This may, of course, earn dealers a few extra dollars to pop them open. And I suppose many of you will just choose a preconfigured version via Apple’s custom order service, but that makes the mini less of an impulse purchase. You just want to take one home and turn it on. Having to go back to your dealer, or wait for delivery of a custom assembled version, is a real downer. However, I don’t think the lack of the keyboard, mouse and display is a serious shortcoming. Now maybe Apple did that just to keep the cost down, or to keep the shipping box small and cute. But there are plenty of cheap input and display devices around, and if you’ve had Macs and Windows boxes around for a while, I expect you’ll be able to find the right accessories in a closet or some other storage area.
Besides, this will give third parties the chance to come up with specially designed stuff for the Mac mini, from cases to folding keyboards. This cottage industry may not be quite as robust as the one for the iPod, but there are plenty of opportunities about for tiny companies with the right ideas.
Once again, of course, you are dealing with a version 1.0 product. If enough of you clamor for an easier way to install memory, or an extra slot, I suppose Apple will find a way to fulfill your needs in a future version.
But I’m not quite finished yet.
While I haven’t had the chance to thoroughly digest all the information about iWork, it’s clear it is not quite the successor to AppleWorks that it’s presented to be. First of all, there is no database or spreadsheet module. If you’ve built a repository of files using those components, you have to look elsewhere for an upgrade path, or just stick with AppleWorks for now. The Pages application appears to fit more into the category of entry-level page layout software. That’s all well and good, of course, and I can see where many of you will embrace it with enthusiasm. You don’t necessarily need the power of Microsoft Word, Adobe InDesign or QuarkXPress to create neat looking documents. While these high-end applications are essential for professional work, a simple club newsletter or brochure, for example, would be tailor made for Pages.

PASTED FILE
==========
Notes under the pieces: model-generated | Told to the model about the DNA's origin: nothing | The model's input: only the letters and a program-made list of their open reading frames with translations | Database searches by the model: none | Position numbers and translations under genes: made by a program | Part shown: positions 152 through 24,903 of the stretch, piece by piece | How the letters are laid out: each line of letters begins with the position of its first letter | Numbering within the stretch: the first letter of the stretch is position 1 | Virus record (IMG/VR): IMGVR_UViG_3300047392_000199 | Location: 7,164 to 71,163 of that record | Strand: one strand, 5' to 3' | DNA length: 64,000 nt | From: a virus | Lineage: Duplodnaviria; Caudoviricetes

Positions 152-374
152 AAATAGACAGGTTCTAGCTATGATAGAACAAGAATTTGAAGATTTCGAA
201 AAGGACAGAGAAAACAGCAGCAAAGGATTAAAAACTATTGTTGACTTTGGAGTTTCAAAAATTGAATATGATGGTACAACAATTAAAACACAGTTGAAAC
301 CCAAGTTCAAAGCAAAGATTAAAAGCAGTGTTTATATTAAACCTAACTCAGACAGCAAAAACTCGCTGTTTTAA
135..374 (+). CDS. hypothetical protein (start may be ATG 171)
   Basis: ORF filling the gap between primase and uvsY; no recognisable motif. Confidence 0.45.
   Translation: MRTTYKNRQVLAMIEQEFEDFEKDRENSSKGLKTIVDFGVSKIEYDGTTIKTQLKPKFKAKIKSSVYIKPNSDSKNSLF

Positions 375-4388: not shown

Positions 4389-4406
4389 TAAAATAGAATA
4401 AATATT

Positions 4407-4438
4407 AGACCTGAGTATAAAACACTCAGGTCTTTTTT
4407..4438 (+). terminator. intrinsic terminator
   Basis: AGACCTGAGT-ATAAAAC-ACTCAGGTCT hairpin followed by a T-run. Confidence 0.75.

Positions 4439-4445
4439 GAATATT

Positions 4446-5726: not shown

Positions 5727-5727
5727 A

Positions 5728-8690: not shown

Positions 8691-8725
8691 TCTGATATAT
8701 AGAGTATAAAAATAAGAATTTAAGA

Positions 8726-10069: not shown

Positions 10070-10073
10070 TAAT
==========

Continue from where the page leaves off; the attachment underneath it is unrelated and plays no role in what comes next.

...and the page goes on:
My final comment is about the fact that all the Expo exhibits were crammed into just the South Hall at Moscone Center, rather than both. On the surface, it would appear there were fewer participants this year, but that’s not so, although I originally felt otherwise.
According to the people at IDG World Expo: “There are 20 more exhibitors this year (280) than last year (260), and these exhibitors rented more square footage than last year. IDG World Expo listened to exhibitor and attendee feedback from 2004 and decided to pack everything in the South Hall this year to enhance the exhibit hall experience. Feedback from attendees about this change has been very positive so far. Many attendees have said to us that this year’s show is more energetic and they bump into things they might not otherwise see. Exhibitors are especially pleased about the change because of the increased traffic.”
I can’t really disagree with the reasoning. I found the whole event easier to navigate and discovered far more interesting product displays than I would have located had both halls been used, as in the past. Sometimes less is really more.